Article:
DCOM service

DCOM service

DCOM function

The DCOM function in Terminal Server 4.0 is a subset of regular Windows NT Server 4.0 DCOM features. Based on this, some applications that are written in the normal Windows NT Server 4.0 environment, may not function properly on the terminal server. The purpose of this article is what kind of behavior will occur if applications that use DCOM functions.

The following DCOM features can be fully supported on the terminal server:


client behavior (running as any user of the terminal server and through the DCOM The process of calling other machines is not changed.

If there is no direct or indirect involving COM activation process (COGETCLASSOBJECT, COCREATEINSTANCEEX, the process of starting from remote call, etc.), the behavior of the server is not changed. For example, if the interface pointer to the COM object on the terminal server is adjusted and passed to the customer code on another machine, the server-side behavior does not involve the activation process. The occurrence of this behavior is usually the output parameters called as a DCOM method, but there may be other ways. In that case, the callback of the terminal server (now the DCOM server) will be performed as usual (including usual security restrictions). An example of an indirect activation is to resolve to the terminal server machine and cause a binding of file tags that attempt to act directly on the machine.

DCOM activation mode and Terminal Server

When running as a remote customer, the terminal server system will limit in the supported DCOM activation / process start mode. For any given ClassID or APPID, Windows NT's DCOM usually supports four activation / start modes.

acts as an activation party (default): In the Terminal Server, the local process is started by the customer session.

Run as a specified / named user: In the terminal server, the local process is always started by the session 0 (console).

is run as Win32 and Windows NT services: In the terminal server, the service is started by the session 0 (console).

DCOM service

runs as an interactive user: cannot be used in the terminal server.

For the terminal server, only mode 1 ("actuated as an activation party") is fully supported. Patterns 2 and 3 ("As a Specified / Named User Run" and "Run as Win32 and Windows NT Service") Different behaviors are running on the terminal server system, so Microsoft is not recommended or supported. The fourth mode ("As an interactive user runs"), it cannot be run at all on the terminal server.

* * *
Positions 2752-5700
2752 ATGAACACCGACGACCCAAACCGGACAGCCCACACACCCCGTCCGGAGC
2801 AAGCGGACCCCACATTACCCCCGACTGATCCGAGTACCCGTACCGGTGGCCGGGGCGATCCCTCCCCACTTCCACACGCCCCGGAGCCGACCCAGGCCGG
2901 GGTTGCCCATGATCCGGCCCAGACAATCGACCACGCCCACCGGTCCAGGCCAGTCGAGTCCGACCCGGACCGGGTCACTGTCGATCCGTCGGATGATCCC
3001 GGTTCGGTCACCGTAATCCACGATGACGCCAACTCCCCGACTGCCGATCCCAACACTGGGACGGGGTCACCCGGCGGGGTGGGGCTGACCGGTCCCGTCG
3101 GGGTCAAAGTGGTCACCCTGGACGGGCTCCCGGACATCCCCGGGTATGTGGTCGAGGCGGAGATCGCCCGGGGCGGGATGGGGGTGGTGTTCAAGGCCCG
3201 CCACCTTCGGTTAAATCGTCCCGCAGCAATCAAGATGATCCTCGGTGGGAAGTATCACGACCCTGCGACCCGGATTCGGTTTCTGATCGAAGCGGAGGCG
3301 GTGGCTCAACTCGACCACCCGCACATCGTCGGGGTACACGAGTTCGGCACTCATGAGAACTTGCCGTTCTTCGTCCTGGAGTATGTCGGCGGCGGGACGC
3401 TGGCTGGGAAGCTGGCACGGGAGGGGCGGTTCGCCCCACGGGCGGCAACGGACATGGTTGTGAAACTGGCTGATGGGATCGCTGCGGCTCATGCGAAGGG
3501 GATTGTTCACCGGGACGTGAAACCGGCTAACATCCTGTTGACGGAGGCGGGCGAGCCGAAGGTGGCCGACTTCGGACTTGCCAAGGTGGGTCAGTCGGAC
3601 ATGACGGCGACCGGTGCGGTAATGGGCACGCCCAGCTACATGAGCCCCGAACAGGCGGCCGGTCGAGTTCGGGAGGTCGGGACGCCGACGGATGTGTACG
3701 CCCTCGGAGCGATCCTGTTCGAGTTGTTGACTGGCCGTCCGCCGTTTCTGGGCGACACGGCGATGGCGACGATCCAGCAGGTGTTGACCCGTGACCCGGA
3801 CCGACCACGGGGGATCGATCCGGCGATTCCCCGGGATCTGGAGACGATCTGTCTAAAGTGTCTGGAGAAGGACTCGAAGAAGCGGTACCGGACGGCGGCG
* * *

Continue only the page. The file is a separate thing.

DCOM and Windows 2000 Terminal Services

Microsoft's goal is to ensure that the above issues can be resolved in Windows 2000. The following is a brief description of the activation mode and its working mechanism for Microsoft Windows® 2000 Terminal Services:

acts as an activation party:

Local activation

server Activated in the same session to which the activation side belongs. This behavior is exactly the same regardless of whether the terminal service is enabled.

Remote Activation:

Enables the activation rules after the terminal service is not enabled. However, the process will start in the window station of the session ID 0 instead of starting in a session corresponding to the user. This is to protect the activation behavior of remote calls. To illustrate the reason for this behavior, it is assumed that the activation process is activated by the session of the user corresponding to the user on Windows 2000 Server (Enabled Terminal Services). If the user logs out, all the window stations and their processes are killed. If the user is logged in from multiple customers from the server, it is decided to exit from a client, and the customer process of other sessions of the user will not be able to see their activation process. Therefore, other sessions will fail. Based on this reason, all processes will start in the window station of session 0. Because session 0 will never be deleted, the remote activation process will continue to work.

As a naming / specified user run:

The application is configured as the specified user runs through the appid in the registry. Local and remote activation is the same.

When the terminal service is enabled, the process will start in a new window station of session 0. In the case of multiple users using the server, subsequent requests will have the same class object. The SID or LUID of the caller has no effect. In the case where a single user uses the server, new activation requests always get a new window station. Even if the same user logs in to the interactive desktop, the activation process will not share the interposer station.

Run as Win32 and Windows NT service:

The application is configured as a service running process via the AppID set.

After the terminal service is enabled, the service is still global, and does not start in a particular session. Depending on the service configuration, they are either started on the service desktop of session 0, and start on the interaction desktop of session 0.

As an interactive user:

application is configured to run in a secure environment of an interactive user.

As mentioned before, Windows NT Server 4.0, Terminal Server Edition does not support remote activation of such servers, which only supports local activation of sessions to sessions. There are two ways to start the process as the interactive user in a state where the terminal service is enabled is in the study. A way to activate the process in another session other than the current session is to use a session "flag." Another possible way is to start the process using the calibration secure credentials. Windows 2000 will provide more detailed information

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